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The final resting place of Navy Lt. Andrew John Chabrol at Arlington National Cemetery in Arlington, Va. He was put to death by the commonwealth of Virginia for the murder of Navy Petty Officer Melissa Harrington.

The final resting place of Navy Lt. Andrew John Chabrol at Arlington National Cemetery in Arlington, Va. He was put to death by the commonwealth of Virginia for the murder of Navy Petty Officer Melissa Harrington. (Salwan Georges/The Washington Post )

Arlington National Cemetery would be required to disinter the remains of a former Navy officer who murdered a junior sailor decades ago under a proposed amendment to the annual defense budget bill.

Rep. Jackie Speier, D-Calif., submitted the measure last week during the House Armed Services Committee’s markup of the proposed legislation. No one on the panel objected.

Speier’s amendment directs the Army and Department of Veterans Affairs to remove Andrew J. Chabrol’s remains from the nation’s largest military cemetery no later than Sept. 30, 2023. They would be given to his relatives or, if none can be found, disposed of “as the Secretary of the Army deems appropriate,” the proposal says.

Her amendment also would empower the Army and VA to review other cases in which veterans who committed capital crimes were buried in national cemeteries, dating to Jan. 1, 1990. Current law allows for such reviews in cases dating only to December 2013.

A spokesman for Arlington National Cemetery said officials there do not comment on pending legislation.

As The Washington Post reported in May, Chabrol’s disinterment has been the objective of a veteran-led movement for several years.

In 1993, he was executed in Virginia for the murder of Petty Officer 2nd Class Melissa Harrington, a 27-year-old enlisted sailor within his Virginia Beach Navy unit who had reported him to her command for stalking and harassment. Court testimony revealed that Chabrol, despite not facing meaningful consequences from the Navy, had plotted revenge, keeping a journal detailing for months what he called “Operation Nemesis.”

Harrington was taken from her home July 9, 1991. She was raped and tortured before Chabrol, in his words, “went berserk” and strangled her.

Judi Farmer, a Navy veteran, discovered Harrington’s story in 2018 and was shocked to learn that Chabrol had been permitted an honorable final resting place at Arlington. She began an online petition and wrote the first of two letters to the Army-run cemetery asking for his removal. Earlier this year, an Arlington official responded, saying the Army did not have the legal authority to disinter Chabrol.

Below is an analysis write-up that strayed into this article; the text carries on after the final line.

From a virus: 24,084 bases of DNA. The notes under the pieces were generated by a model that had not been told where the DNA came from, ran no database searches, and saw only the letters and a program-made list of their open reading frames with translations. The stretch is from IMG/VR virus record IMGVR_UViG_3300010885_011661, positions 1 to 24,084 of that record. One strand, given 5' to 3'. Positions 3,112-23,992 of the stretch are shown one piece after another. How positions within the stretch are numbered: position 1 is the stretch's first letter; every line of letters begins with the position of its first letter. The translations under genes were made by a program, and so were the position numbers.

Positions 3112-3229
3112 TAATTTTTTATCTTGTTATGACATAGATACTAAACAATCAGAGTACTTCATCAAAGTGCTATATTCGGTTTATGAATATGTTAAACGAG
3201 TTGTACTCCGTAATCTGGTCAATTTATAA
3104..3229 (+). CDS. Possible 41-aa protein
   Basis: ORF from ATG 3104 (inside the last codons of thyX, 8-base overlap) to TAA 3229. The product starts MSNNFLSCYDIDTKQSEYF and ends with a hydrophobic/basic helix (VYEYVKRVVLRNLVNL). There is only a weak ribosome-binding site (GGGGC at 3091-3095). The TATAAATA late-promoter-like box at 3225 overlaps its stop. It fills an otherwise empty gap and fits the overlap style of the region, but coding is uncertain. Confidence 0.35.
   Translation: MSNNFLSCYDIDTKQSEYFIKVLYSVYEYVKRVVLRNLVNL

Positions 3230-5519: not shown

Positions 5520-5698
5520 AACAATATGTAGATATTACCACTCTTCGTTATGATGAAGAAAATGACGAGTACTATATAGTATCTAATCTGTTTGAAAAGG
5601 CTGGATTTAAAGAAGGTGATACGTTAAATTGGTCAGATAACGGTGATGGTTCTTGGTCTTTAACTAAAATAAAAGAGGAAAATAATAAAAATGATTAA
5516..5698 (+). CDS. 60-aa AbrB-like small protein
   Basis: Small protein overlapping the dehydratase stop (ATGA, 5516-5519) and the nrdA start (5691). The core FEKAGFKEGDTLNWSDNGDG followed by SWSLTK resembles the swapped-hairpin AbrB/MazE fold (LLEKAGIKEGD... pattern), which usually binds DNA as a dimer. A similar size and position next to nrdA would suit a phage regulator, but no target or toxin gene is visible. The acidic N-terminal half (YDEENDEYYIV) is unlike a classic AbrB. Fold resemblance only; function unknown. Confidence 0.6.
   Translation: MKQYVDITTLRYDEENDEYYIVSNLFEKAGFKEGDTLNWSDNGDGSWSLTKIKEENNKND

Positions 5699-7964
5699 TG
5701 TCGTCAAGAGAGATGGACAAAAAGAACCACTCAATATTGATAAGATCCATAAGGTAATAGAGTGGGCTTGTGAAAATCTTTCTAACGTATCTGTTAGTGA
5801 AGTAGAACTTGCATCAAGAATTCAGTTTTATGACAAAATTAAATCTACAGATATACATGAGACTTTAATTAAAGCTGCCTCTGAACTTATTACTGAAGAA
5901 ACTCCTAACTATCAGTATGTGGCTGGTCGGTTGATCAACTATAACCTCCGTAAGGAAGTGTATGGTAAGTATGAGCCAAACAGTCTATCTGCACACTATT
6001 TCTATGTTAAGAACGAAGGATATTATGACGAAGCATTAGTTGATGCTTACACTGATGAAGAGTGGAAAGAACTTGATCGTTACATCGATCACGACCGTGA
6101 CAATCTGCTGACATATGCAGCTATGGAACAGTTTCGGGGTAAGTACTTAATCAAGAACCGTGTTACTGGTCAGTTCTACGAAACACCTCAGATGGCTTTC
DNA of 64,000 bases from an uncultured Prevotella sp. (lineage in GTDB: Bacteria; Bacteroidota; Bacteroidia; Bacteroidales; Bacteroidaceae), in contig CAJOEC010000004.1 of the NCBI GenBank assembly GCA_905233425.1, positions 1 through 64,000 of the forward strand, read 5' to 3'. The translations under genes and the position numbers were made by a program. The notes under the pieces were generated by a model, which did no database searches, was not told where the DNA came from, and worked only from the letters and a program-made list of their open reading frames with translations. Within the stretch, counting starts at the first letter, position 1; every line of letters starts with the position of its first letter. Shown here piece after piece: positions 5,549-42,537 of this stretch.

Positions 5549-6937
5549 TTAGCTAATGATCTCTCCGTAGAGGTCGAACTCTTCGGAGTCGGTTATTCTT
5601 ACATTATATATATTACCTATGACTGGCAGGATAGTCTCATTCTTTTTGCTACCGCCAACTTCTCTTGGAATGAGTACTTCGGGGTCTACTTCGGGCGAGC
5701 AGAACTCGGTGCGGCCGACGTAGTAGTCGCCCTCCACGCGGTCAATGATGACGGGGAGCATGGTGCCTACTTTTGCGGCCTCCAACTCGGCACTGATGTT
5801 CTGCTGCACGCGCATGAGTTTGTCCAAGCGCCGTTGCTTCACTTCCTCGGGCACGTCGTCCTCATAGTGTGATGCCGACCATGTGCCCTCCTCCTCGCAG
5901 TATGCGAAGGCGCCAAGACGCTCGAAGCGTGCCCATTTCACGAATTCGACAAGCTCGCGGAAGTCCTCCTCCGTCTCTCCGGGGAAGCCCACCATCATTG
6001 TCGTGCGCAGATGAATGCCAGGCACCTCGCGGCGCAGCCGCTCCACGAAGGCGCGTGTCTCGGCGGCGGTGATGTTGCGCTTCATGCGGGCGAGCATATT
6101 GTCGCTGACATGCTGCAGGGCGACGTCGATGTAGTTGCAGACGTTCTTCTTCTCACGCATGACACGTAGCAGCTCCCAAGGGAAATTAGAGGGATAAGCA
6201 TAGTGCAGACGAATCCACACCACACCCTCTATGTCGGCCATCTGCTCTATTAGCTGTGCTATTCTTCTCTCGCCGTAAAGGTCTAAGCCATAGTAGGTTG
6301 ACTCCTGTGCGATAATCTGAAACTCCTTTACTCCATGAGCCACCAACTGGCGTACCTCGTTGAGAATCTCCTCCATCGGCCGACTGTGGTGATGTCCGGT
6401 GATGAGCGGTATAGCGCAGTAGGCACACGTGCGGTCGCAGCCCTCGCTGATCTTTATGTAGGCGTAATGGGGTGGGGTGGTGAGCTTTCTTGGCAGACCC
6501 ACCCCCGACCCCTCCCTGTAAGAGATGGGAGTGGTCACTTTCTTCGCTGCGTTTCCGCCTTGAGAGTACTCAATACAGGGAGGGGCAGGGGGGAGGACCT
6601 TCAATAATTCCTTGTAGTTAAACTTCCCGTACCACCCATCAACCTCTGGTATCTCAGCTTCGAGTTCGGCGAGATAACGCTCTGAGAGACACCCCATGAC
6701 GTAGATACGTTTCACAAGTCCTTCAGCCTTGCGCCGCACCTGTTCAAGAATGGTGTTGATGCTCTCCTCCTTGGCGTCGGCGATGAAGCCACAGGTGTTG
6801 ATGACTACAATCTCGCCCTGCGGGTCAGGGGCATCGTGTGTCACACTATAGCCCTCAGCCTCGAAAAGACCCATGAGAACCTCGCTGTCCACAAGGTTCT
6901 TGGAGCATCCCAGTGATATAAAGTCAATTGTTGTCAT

Unsatisfied, Farmer went public with the story and was joined by Harrington’s widower, Joe Harrington, and other Navy veterans who served with her.

Farmer said she was “cautiously optimistic” that the measure would be included in the final version of the defense bill, which must still complete the conference process between the House and Senate. Then, she said, Harrington will have a measure of long-denied justice.

“Then her friends that mourn her, and husband that mourns her, can know that [Chabrol] won’t get a flag every Memorial Day, he won’t get a wreath on Christmas. He won’t be honored,” she said, referring to the cemetery’s tradition of decorating ahead of those holidays.

In an interview, Speier said she had seen the story and felt compelled to take action.

“It was appalling to me to think that an officer in the Navy could sexually harass, then kidnap, then rape, and then murder a sailor and get buried at a national cemetery, which is supposed to honor our war heroes and our dead,” she said. “So he has no place in that cemetery.”

She’d opted to confine her legislation to a three-decade period, she said, because she didn’t believe record-keeping was comprehensive enough to review all interments since Arlington’s establishment in 1864.

Joe Harrington said that he had trouble sleeping for several weeks after reliving the horror of his wife’s murder but that he felt telling her story and pushing for change could bring closure and potentially help other service members in vulnerable situations.

“The Navy failed a good sailor years ago,” he said of his late wife. “And maybe it’ll help some good sailor in the future, that they won’t go through this.”


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